In the next few verses, the author gives us 3 exhortations. The first is in verse 22: “Let us draw near to God.” We must draw near to God with a sincere heart; that means we need to become right with God in our innermost being. As we are sinful people, we know that we can only be made right through Christ’s sacrificial death and resurrection. It is through our faith in Him that we can be assured that we are able to draw near to God. He is the only one who can truly cleanse us from our sins so that we can be in His holy presence.

The reference to “having our bodies washed with pure water” may be a reference to Christian baptism. Baptism is an outward sign of an inward cleansing from our sins, but it’s the inward cleansing that is most important. Other religions of the day practiced ritual outward cleansings, but Christian baptism is the only one that would truly cleanse our innermost beings and allow us to draw near to God as the author encourages us to do.

The second exhortation is in verse 23: “Let us hold unswervingly to the hope we profess.” This hope is not something that we think may happen but something that we know for sure to be true. We have hope in Jesus Christ! Because of His death and all that was accomplished in it, we have the certain hope of eternal life with God forever. We need to firmly hold onto that. We know that this hope is certain because of who God is; God is faithful to always fulfill His promises.

The third exhortation is in verse 24: “Let us … spur one another on.” This is to be a mutual activity between all Christian believers, not just from leaders to others or vice versa. The goal or this mutual encouragement is to love one another and do good deeds. This is clearly not how we are saved but our response to the saving work of Jesus Christ.

First we draw near to God through faith because of His actions, then we cling to the hope that that gives us, and then we use that to encourage one another in love. Note that we see the trilogy of faith, hope, and love here, just as Paul references in 1 Corinthians 13:13: “And now these three remain: faith, hope and love. But the greatest of these is love.”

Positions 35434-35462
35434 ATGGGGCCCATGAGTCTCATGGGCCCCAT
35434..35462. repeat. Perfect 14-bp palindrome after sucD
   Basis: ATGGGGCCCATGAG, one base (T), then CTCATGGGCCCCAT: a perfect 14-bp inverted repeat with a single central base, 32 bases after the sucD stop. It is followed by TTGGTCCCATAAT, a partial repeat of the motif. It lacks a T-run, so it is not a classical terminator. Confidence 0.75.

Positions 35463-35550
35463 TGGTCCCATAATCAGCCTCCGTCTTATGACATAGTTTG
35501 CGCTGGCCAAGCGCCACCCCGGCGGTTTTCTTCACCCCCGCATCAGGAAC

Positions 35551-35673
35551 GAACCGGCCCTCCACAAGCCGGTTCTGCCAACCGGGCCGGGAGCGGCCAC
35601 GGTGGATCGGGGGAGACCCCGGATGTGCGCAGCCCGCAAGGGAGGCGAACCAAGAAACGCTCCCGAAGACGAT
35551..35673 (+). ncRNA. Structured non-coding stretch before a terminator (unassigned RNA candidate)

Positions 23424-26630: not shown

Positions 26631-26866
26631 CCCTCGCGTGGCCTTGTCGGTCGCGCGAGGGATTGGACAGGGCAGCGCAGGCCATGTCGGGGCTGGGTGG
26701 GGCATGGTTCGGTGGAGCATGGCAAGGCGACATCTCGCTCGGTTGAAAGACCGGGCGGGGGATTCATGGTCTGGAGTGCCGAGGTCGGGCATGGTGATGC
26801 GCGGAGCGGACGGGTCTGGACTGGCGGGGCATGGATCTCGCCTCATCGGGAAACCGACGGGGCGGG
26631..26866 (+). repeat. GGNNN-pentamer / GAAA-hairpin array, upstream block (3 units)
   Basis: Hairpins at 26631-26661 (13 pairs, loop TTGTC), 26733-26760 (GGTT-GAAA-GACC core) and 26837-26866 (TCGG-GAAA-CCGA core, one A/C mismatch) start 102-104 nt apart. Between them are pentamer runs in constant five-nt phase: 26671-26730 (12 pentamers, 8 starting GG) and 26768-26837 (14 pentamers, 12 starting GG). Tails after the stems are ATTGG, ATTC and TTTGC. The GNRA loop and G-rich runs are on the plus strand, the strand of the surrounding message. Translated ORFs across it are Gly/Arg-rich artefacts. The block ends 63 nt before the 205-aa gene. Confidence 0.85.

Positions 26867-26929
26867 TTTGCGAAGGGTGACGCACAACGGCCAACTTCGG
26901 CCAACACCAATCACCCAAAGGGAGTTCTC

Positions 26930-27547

Some English translations make it look like verse 25 gives a fourth exhortation to not give up meeting together, but it’s a different construction in Greek. Instead, this is a further explanation of how to fulfill the third exhortation. How do we encourage one another? By continuing to meet together. It’s hard to encourage people you’re not communicating with, and in the early Church, the only efficient means of communication was in person.

Now, we do have lots of other methods to encourage one another – phone calls, text messages, emails, social media, video chats, etc. – but there is still something special about being in person together with people. Being physically apart from friends and loved during the Covid-19 pandemic has (hopefully) reinforced the value of this physical togetherness. Sure, you can communicate in many other ways, but being with other people is so much better for developing deeper relationships with them and encouraging one another.

So, how should we go about applying this passage to our lives today? Recognize the great sacrifice that Jesus made and what that brings us – opportunity for relationship with God. Take advantage of that and draw near to God, cling to the hope that is only found in Him, and live out God’s love by meeting together to encourage one another.